Scientists also identify stem cells by observing their behavior in the laboratory: stem cells must be able to remain unspecialized and self-renew for long periods of time. work on animals plays an important role in furthering basic research and developing medical applications. making their identification and isolation like finding a needle in a haystack. Once these first steps have been achieved. size. This work is necessary to form the foundation of knowledge that will point the way to medical advances. this is because adult stem cells are. Partly. and stimulate stem cells to differentiate.WORKING WITH STEM CELLS The day-to-day work that goes on in the laboratories across the country studying stem cells begins with developing ways to identify stem cells. They also tend to hide deep in tissues and are present only in very low numbers. by their very nature. different cell types have different proteins. using molecules that recognize and attach to specific surface proteins and that can fluoresce under certain wavelengths of light. Tesar. Scientists can use these surface proteins as “markers” that characterize individual cell types—a type of “molecular ID. But it wasn’t until 1988 that those stem cells were isolated as pure populations. Unfortunately. and function. inconspicuous in shape. not all stem cells can now be identified in this manner because scientists have not yet identified markers for all stem cell types. 9 . NINDS and the NIH Stem Cell Unit. How do scientists know when they have found a stem cell? Every cell displays an array of proteins on its sur- Fluorescent markers can be used to identify stem cells hidden among ordinary adult cells. Laboratory of Molecular Biology.” For example. Identifying Stem Cells As early as 1961. Courtesy of Paul J. face. Why did it take so long? The techniques for identifying stem cells have only recently been developed. human embryonic stem cells are recognized by the marker proteins they express (green). scientists can visually tell the difference between a blood stem cell and a mature white blood cell. Here. culture cell lines. scientists knew that adult bone marrow contained cells that could make all of the blood cell types.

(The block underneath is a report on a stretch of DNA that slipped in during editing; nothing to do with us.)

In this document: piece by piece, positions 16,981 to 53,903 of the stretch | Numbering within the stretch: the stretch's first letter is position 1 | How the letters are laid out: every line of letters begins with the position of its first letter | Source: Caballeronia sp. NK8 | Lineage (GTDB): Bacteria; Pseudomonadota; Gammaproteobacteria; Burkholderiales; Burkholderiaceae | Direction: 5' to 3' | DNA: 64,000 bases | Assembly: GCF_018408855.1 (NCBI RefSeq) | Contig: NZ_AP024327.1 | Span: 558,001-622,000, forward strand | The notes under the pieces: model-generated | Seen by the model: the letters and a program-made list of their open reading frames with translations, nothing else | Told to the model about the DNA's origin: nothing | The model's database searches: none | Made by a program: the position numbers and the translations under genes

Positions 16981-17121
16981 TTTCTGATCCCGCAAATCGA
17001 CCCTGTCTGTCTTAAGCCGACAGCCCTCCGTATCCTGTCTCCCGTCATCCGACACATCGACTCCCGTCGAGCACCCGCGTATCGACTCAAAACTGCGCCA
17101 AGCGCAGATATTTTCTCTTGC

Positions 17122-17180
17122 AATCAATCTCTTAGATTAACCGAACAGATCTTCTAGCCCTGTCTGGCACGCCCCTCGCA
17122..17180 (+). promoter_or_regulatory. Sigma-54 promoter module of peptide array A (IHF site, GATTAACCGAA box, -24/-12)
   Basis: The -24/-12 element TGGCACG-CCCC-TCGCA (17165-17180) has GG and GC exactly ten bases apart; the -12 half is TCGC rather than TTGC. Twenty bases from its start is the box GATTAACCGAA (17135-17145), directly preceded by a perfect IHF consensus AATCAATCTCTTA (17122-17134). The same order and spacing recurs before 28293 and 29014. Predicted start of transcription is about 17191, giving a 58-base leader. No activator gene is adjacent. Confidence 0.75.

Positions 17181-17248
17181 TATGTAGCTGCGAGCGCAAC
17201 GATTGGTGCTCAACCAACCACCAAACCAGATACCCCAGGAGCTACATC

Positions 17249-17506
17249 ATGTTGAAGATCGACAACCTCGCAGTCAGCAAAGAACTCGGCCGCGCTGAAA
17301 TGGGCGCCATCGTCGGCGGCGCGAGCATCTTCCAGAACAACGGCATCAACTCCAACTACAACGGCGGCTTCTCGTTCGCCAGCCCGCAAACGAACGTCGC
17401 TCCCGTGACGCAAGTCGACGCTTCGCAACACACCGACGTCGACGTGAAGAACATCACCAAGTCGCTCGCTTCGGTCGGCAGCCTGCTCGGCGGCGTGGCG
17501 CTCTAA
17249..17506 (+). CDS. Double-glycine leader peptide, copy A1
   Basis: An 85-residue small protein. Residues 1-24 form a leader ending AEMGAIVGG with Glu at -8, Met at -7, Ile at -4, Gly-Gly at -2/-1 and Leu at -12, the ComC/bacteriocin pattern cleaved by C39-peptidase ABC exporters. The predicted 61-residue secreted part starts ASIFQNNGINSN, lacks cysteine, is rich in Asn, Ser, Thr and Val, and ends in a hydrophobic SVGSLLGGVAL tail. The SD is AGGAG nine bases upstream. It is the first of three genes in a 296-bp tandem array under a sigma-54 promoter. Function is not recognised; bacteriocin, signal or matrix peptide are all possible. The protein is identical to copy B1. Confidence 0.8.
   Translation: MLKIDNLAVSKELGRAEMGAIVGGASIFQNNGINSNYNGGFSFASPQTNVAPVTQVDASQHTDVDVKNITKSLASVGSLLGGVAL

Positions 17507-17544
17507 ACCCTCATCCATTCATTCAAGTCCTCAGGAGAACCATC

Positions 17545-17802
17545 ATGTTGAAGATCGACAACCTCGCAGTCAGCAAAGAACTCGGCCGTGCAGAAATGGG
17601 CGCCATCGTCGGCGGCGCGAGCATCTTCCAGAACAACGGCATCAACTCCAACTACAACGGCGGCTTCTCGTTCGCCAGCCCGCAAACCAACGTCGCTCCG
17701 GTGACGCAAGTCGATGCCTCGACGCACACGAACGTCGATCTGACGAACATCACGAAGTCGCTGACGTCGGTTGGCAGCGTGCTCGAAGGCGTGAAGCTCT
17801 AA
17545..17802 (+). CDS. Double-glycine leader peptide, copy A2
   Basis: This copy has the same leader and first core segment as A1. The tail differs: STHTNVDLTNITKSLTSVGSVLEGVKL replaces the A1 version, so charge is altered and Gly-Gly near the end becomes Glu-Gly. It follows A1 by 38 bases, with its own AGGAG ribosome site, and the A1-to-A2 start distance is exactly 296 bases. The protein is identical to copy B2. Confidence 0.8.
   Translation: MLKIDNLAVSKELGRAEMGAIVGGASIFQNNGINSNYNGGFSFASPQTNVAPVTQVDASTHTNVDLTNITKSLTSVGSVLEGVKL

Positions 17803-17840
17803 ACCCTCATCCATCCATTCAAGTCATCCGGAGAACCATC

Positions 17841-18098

For example. Implanting human cells into animals Center Photo: Scientists can test whether they have successfully caused embryonic stem cells to differentiate by labeling for specific marker proteins found in specialized cells. Cell lines are important because they provide a long-term supply of multiplying cells that can be shared among scientists for research and therapy development. introducing specific genes into the stem cells. The National Academies report Stem Cells and the Future of Regenerative Medicine (2001) described some of the challenges of maintaining cell lines: “Over time. Semi-specialized adult stem cells and differentiated cells derived from embryonic stem cells are unlikely to cause teratomas. Courtesy of Dr. all cell lines…change. The culturing of stem cells is the first step in establishing a stem cell line—a propagating collection of genetically identical cells. scientists start the process of causing the stem cells to differentiate into specialized cell types. scientists often rely on animals. Usually. While there is much that can be learned using existing stem cell lines…such concerns necessitate continued monitoring of these cells as well as the development of new stem cell lines in the future. 10 . as well as for research that explores the basic processes in the development of organisms and diseases. and unspecialized.” Once they have established a stable stem cell line.WORKING WITH STEM CELLS Scientists believe that there might be more types of adult stem cells than the handful that have already been identified. in some cases. ronment in which stem cells naturally reside provides scientists with clues about how to make them differentiate in a culture dish. typically accumulating harmful genetic mutations. they can cause a type of tumor called a teratoma. If completely undifferentiated stem cells (such as embryonic stem cells) are implanted directly into an organism. the technology involves adding certain proteins to the cell culture and. bone cells send physical and chemical signals that tell the blood stem cells when to differentiate. MIT. Daniel Anderson. It will be essential that scientists are sure that stem cells have fully differentiated before they can use them for medical applications. Scientists are just beginning to understand these signals and have developed ways to mimic the natural processes in cell cultures. in the bone marrow. where blood stem cells reside. but finding them is a difficult process. There is no reason to expect stem cell lines to behave differently. which scientists have observed in experiments using mice. dividing. Culturing Cell Lines and Stimulating Stem Cells to Differentiate Cell culture is a term that refers to the growth and maintenance of cells in a controlled environment outside of an organism. The cellular envi- The Role of Animals in Stem Cell Research For medical research. A successful stem cell culture is one that keeps the cells healthy.